Candidates for two seats on the Astoria City Council pitched themselves to the public on Tuesday night during an election forum at Clatsop Community College.
In Ward 2, City Councilor Tom Brownson faces a challenge from Floyd Holcom, the owner of Pier 39 and a former Port of Astoria commissioner, to represent the city’s South Slope and parts of the Port.
Running for Ward 4 to replace City Councilor Jessamyn Grace West are Tom Hilton, who runs Hanthorn Crab Co. on Pier 39; Joshua Conklin, a local service-sector worker and former hotel manager; and Lisa Morley, a behavioral workplace safety consultant who leads the community group Friends of Birch Field and Park in Alderbrook.
Brownson, who grew up in Clatsop County, has touted his four years of experience on the City Council as being invaluable in moving the city forward.
Holcom and Hilton, friends who grew up in Astoria and business partners through their ventures on Pier 39, have leaned on similar arguments for having multigenerational Astorians and local businesspeople on the City Council.
Conklin, who grew up in and around Astoria, has presented himself as a representative of the working class and of marginalized populations, such as the LGBTQ community. At 31 years old, he is also the youngest candidate.
Morley, a workplace behavioral safety consultant who worked for Intel and relocated to Astoria five years ago, called herself a scientist with an ability to effectively problem-solve. She used as an example her work leading the community group that took over maintenance of the Birch Field and Park in Alderbrook after it faced a possible sale.
During the forum, Holcom was critical of city staff and Mayor Bruce Jones, saying they have not been communicative enough with residents and business owners or about emergency preparation and support during the coronavirus pandemic.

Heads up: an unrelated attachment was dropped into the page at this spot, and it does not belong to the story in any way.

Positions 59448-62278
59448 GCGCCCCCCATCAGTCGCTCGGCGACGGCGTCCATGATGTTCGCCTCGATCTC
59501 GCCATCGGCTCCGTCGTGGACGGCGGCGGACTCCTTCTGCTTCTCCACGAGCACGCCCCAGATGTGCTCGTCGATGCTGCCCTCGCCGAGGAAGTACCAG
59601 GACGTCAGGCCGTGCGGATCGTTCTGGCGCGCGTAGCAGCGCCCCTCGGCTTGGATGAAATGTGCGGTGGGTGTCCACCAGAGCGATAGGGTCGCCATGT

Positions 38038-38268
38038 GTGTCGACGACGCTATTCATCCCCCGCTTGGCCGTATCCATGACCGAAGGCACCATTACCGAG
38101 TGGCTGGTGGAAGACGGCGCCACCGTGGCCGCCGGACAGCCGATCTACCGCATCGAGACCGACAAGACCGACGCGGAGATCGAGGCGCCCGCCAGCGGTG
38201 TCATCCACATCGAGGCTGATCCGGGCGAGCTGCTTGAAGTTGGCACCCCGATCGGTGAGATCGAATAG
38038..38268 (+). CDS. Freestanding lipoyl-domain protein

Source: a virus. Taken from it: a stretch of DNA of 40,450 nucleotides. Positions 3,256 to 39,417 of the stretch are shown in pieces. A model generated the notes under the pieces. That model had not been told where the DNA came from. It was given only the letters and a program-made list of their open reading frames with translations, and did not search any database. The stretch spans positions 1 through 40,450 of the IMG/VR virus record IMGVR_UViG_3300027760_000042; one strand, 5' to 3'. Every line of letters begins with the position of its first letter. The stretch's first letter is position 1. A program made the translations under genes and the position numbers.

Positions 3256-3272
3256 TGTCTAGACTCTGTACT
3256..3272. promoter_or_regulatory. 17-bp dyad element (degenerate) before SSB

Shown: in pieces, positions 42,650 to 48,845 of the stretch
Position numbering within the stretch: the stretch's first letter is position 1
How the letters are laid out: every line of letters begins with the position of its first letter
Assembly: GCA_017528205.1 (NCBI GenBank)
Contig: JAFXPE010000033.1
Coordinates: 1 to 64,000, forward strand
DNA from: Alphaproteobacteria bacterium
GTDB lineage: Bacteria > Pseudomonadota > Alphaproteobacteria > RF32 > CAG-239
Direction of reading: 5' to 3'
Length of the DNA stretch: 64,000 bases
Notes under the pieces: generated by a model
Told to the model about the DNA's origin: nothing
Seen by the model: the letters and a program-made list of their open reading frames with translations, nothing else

Brownson defended the city’s performance in helping secure state relief grants for businesses. He also praised Jones, a former U.S. Coast Guard commander, he described as an ideal leader for an emergency.
Hilton and Conklin argued for people to buy local to support businesses during the pandemic, while Conklin noted the city’s support in expanding outdoor seating to help restaurants and bars. Morley echoed Holcom’s concerns about a lack of communication regarding emergency planning.
After the approval of a controversial four-story hotel on the waterfront near Uniontown, the City Council updated and tightened building restrictions laid out in the Riverfront Vision Plan, which guides development along the Columbia River.
Candidates were asked their opinions on waterfront development.
Holcom, who owns Pier 39 and has a development interest near the Port’s East Mooring Basin, said he supports keeping a working waterfront. He believes riverfront properties have been neglected because of bad communication on the city’s part.
“Right now we have a huge miscommunication between people who want to come to Astoria and invest and the goals and traditions of what the existing City Council are,” he said. “And that’s why we need to do better.”
Brownson said the City Council has been as busy as ever in regards to land use development, arguing the rules have already been decided by the approval of the Riverfront Vision Plan.
“I think that once a city has established development guidelines, we need to abide by them,” he said. “Developers, wherever they come from, need to know up front what the rules are and be able to tailor their plans and move forward, so that as long as they meet the requirements, they need not be arbitrarily rejected.”
Morley said that while the waterfront shouldn’t be sold to the highest bidder, there are business opportunities that could drive more local and visitor traffic. Conklin called for preserving what the city has on the Riverwalk and requiring new hotels to provide employee housing.
Hilton called the waterfront Astoria’s future and said people ought to be able to develop their property within the city’s rules to help bring in jobs and more tax revenue.
“The river is our most valuable asset,” he said. “If we’re not going to build up, then we need to build out. That river can do a lot for us. We just need to let it happen.”
The forum was moderated by Christopher Breitmeyer, the college president. Streamed on Facebook Live, the event was a collaboration by the American Association of University Women Astoria Branch, Clatsop Community College, The Astorian and Coast Community Radio.